I hear the phrase "learn to code" around the rat and postrat communities occasionally. From context I get the main argument, the income is good, the work isn't too difficult. Has anyone written a fuller argument for learning to code? Or what is your favorite version of the argument? I'm considering a career change and want to hear it out.
Here are some reasons:
Jesus christ. If I made that kind of money I could literally retire in a decade and then do whatever I want
I learned to code in R pretty well during my PhD, and I do enjoy it. It's usually relaxing, solving the problem feels good when you get it. I'm better than my colleagues at debugging and problem solving our code (data engineering mainly)
To be clear, you are talking about the salary for software engineers. Is that a better ladder than data scientists or data engineers? (my skills are closer to either of those fields currently)
The software engineering ladder is wider, not taller, than Data Scientist - DS roles typically specialize to a domain earlier than SDE, and the variance in pay across companies and specialties shows more for DS than SDE. Data Engineer usually implies a bit less independence and more well-defined problems, and pays a bit less overall.The good meta-advice is to spend some effort thinking about your comparative advantage(s), and to recognize that taking a job isn't a life commitment - pick the one that seems promising, but after a year or two you should do your search again. Especially in early years, changing jobs is likely a much faster path to promotion (and actual growth in understanding how different places do things) than staying at one place.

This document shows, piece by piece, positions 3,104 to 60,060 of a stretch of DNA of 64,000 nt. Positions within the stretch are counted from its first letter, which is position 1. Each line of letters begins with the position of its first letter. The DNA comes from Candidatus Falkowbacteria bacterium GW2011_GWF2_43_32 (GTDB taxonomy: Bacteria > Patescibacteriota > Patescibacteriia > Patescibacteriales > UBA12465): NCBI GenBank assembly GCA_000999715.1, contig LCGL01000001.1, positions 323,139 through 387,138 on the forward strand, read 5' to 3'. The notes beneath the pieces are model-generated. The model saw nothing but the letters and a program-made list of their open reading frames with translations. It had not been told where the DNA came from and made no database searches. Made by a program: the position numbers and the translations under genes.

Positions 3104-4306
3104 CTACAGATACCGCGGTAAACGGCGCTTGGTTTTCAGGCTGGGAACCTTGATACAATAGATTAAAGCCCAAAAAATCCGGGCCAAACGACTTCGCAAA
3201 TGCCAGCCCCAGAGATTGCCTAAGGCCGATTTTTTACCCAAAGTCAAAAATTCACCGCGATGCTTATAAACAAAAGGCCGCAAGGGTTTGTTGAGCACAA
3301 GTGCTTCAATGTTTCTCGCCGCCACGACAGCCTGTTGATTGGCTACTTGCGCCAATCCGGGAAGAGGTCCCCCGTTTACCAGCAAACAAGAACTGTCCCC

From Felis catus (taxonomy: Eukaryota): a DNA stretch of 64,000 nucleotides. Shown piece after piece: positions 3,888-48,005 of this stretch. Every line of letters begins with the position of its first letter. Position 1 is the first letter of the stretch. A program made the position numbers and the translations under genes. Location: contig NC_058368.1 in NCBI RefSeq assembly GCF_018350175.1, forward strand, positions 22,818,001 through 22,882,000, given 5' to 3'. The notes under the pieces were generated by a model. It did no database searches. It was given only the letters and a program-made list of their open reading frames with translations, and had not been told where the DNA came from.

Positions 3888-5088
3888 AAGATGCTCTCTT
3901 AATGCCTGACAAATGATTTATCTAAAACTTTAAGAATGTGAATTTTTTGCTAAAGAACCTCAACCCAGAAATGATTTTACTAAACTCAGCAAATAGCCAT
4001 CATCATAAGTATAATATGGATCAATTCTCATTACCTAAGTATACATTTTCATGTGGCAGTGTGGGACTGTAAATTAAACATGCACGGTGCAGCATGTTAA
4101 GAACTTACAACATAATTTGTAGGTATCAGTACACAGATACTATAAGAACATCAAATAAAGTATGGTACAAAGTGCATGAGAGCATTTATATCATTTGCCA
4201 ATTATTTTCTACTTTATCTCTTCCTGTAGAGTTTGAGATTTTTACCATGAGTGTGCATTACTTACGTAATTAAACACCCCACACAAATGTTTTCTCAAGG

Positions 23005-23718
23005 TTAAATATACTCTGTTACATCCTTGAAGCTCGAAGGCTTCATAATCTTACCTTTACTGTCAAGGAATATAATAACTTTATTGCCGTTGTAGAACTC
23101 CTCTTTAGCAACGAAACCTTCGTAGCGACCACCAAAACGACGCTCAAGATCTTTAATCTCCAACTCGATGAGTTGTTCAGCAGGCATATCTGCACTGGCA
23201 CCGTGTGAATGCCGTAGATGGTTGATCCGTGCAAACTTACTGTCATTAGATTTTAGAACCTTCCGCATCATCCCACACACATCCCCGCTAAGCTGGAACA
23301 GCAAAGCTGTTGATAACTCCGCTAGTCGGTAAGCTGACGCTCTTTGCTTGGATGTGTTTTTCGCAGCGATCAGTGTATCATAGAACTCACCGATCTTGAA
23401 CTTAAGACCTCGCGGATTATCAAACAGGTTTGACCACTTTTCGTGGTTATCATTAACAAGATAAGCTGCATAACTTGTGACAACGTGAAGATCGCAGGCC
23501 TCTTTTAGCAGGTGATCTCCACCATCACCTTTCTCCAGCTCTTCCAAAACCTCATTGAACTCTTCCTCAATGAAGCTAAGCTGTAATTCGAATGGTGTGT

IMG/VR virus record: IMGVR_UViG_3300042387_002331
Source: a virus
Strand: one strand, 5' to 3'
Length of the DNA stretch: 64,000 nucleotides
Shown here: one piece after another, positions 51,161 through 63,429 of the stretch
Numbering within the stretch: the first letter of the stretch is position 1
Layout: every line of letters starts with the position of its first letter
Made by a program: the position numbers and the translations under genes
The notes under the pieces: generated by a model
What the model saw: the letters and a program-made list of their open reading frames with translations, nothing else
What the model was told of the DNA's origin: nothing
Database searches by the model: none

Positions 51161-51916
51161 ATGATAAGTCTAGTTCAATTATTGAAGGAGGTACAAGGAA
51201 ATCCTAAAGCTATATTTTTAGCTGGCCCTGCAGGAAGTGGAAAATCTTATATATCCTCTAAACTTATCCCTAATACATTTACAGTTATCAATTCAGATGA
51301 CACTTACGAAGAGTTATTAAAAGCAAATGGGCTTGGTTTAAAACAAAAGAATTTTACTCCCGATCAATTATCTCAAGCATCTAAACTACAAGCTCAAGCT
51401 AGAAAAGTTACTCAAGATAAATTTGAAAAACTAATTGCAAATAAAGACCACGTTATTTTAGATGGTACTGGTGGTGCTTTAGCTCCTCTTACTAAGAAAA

The ladders for data scientists and data engineers tends to be comparable at these kinds of companies. If you have a quantitative PhD with an emphasis on any domain that has transferable domain knowledge (i.e. anything math/CS/econ probably counts) then you might even be able to start one step up the ladder. But even if you just learned R to do data analysis in some other field that would probably make it much easier to pick up, say, python, and hop sideways.
I should note that the junior-level compensation is probably the most difficult to attain if you're coming in from another field, since the major pipeline is "college grad with several internships gets hired start into big tech company". By comparison it's much easier to get any sort of entry-level engineering role (which is still going to pay pretty well), get a couple years of experience, then go on to one of the big tech companies. (It's not impossible to get a junior role at a big tech company straight out of the gate; I know several bootcamp grads who have done it. It'll definitely be made easier by having a PhD.)
If you're into information then learning to code can help you acquire more information more easily and process that information in beautiful ways that could be laborious or impractical otherwise. That's probably the simplest explanation with the broadest appeal. At the risk of downvotes (maybe there are a lot of professional coders here), I'm not sure why anyone would want a job coding because then you risk the fun aspect for someone else's purposes in exchange for some tokens and quite a lot of your time.